Since the Reform and Opening-up Policy of 1978 that opened China up to international companies, the Chinese people have become global consumers. Initially, Western companies could rely on novelty to succeed in China. But Chinese consumers have since become more sophisticated. They have evolved, and Western companies must evolve with them – or fail.
In the 1990s, Chinese consumers loved, and even admired Western brands. It was the salad days for international companies, when Chinese consumers regarded most all Western goods as possessing nobleness, fashion, and high quality.
In the West IKEA is a normal European brand, while in China it was considered exclusive furniture. Haagen-Dazs ice cream was very common to Americans, while Chinese people considered it as special as a Thanksgiving turkey.
With such psychological advantages, Western companies once appeared to have the Chinese market figured out. They tended to “educate” Chinese consumers, leading Chinese people’s shopping habits. For the Chinese, buying Western goods “was a way of showing off”.
However, with the high-speed development of the Chinese economy since the 90s, the market has become more mature, and so have Chinese consumers. Western companies no longer dominate. Companies that came into China in the very beginning such as Coca-Cola (KO) and KFC (YUM) were lucky,that they finished acclimating Chinese people to the products.
The Chinese market is becoming more complex, and so have Chinese consumers. Only to understand what Chinese people are thinking can Western companies make profits in the emerging market.
For Many Chinese, Luxury Goods Still Equal Prestige
In all likelihood, China has overtaken Japan to become the world’s second-biggest consumer economy. China’s roughly $3.3 trillion in private consumption is approximately 8 percent of the world total, and that number is still growing. Given historical factors, Chinese people are likely to purchase things that provide feelings of stability and safety when they have money. This includes houses, premium cars, and luxury goods.
On the other hand, luxuries mean prestige, or mianzi in Chinese, and this desire for prestige applies especially to the newly rich, or “upstarts.” After relieving the pressure to merely survive, upstarts tend to peruse social status. Brands like Gucci, Prada, and Chanel have made an impression that people who wear those luxuries are in the upper classes. This is exemplified in the saying, “we choose the most expensive, not the best.”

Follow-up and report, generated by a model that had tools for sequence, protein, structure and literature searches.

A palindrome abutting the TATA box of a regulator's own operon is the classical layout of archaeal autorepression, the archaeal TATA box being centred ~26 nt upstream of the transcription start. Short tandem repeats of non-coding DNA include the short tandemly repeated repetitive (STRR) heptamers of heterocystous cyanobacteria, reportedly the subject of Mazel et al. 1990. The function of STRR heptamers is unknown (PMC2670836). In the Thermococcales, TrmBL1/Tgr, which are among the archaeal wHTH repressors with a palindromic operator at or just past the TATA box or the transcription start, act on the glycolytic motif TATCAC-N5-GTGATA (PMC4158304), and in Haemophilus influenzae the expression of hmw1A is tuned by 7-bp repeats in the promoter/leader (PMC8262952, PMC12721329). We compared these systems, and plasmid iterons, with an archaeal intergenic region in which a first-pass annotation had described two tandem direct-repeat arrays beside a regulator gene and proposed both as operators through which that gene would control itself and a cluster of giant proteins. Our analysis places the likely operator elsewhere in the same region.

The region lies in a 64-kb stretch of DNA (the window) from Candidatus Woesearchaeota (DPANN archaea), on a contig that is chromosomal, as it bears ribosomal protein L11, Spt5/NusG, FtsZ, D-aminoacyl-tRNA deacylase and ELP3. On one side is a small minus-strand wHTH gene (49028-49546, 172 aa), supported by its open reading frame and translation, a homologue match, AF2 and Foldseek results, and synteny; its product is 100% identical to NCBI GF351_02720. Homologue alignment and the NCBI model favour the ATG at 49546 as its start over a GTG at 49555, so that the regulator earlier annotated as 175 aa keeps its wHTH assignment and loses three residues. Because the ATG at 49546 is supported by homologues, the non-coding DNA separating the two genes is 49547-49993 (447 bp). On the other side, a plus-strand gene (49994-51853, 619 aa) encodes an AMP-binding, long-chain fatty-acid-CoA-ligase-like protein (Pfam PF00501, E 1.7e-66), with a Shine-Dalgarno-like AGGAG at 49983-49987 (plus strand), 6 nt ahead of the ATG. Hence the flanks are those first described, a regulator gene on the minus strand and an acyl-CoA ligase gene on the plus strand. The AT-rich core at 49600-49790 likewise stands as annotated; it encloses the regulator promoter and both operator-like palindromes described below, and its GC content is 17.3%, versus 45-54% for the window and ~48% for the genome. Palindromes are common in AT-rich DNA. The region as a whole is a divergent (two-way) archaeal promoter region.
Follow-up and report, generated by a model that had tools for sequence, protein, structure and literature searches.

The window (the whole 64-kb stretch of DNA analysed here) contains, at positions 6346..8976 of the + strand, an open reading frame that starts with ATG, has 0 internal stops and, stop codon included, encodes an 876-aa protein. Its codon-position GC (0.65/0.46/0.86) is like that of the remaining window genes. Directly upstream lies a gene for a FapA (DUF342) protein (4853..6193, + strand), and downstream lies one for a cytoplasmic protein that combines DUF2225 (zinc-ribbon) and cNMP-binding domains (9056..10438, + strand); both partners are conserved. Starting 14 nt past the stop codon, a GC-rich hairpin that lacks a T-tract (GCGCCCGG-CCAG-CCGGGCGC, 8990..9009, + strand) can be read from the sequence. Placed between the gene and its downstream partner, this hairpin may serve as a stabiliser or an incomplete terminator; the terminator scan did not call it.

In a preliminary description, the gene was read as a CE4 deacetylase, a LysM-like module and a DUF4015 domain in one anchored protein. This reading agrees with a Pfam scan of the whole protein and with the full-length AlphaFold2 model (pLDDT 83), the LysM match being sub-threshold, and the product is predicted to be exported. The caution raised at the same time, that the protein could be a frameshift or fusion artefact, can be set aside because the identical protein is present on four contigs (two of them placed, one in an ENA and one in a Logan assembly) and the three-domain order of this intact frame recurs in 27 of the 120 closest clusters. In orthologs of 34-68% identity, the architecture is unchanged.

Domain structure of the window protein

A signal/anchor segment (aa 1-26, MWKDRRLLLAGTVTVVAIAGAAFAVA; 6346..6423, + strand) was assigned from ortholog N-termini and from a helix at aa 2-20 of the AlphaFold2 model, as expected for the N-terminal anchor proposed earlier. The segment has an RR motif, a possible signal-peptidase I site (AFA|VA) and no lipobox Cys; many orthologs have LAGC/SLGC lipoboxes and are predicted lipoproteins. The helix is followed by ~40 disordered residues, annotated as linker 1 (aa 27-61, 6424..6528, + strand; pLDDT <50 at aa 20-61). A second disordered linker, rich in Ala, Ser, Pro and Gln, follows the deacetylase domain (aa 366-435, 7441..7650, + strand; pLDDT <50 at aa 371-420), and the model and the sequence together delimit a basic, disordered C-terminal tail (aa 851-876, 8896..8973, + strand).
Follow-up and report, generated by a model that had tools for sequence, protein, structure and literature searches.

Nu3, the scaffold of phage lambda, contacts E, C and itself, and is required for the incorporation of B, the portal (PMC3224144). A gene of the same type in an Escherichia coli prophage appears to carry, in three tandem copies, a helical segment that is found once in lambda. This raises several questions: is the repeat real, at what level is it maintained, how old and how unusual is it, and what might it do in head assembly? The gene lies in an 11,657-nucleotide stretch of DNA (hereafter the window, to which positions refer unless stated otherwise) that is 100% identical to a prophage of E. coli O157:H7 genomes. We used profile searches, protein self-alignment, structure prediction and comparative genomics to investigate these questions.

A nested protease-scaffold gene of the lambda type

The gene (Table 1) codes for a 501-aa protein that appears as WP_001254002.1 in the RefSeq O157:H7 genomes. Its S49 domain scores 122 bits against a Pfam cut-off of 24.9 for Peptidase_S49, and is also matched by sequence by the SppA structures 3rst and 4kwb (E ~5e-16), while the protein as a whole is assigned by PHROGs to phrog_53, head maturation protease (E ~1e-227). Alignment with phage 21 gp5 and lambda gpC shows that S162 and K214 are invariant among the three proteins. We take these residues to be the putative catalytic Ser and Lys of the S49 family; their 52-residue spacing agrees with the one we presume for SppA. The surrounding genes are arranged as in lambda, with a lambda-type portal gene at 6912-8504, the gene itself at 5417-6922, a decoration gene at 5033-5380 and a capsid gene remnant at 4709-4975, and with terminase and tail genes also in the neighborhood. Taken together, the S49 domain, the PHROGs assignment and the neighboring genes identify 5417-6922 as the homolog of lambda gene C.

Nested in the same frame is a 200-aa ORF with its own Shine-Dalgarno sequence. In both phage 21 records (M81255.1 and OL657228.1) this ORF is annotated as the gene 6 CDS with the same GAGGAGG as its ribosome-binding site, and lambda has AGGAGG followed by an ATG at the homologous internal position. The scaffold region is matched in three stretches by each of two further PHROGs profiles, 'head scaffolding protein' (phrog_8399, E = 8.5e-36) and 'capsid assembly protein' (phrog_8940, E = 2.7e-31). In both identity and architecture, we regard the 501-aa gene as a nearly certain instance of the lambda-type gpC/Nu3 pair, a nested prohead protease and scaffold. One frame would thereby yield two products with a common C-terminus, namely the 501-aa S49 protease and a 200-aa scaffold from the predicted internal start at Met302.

Before purchasing, upstarts would rather consider how others may see them than the luxury itself. Local property barons are now building half the world’s new shopping malls in China, many of them in smaller cities, because even punters without big incomes are becoming big shoppers. For instance, many young migrant workers earning less than 5,000 RMB ($830) a month will spend a month’s wage on Apple’s (APPL) iPhone.
Rising Health Concerns Grip Chinese Consumers' Minds
It seems that materialism is prevalent in China. But there’s another trend happening in the Chinese market. Environment issues like bad air quality and food safety issue have shifted public consumer focus. Although a section of Chinese consumers still hold foreign luxury brands in high esteem, more have begun paying more attention to domestic health issues.
The 2008 Chinese milk scandal, involving milk and infant formula, caused more than 300,000 victims, with six infants dying from kidney stones and other kidney damages and an estimated 54,000 babies being hospitalized. The chemical, melamine, appeared to have been added to milk to cause it to appear to have a higher protein content.
In the following years, there’s been a rumor that KFC serve its customers with genetically modified chickens that have six legs, in which Chinese people believe is totally unhealthy and disgusting. Despite KFC attempting to clarify, the sales of Chinese KFC restaurants plummeted as the food safety issue became extremely sensitive.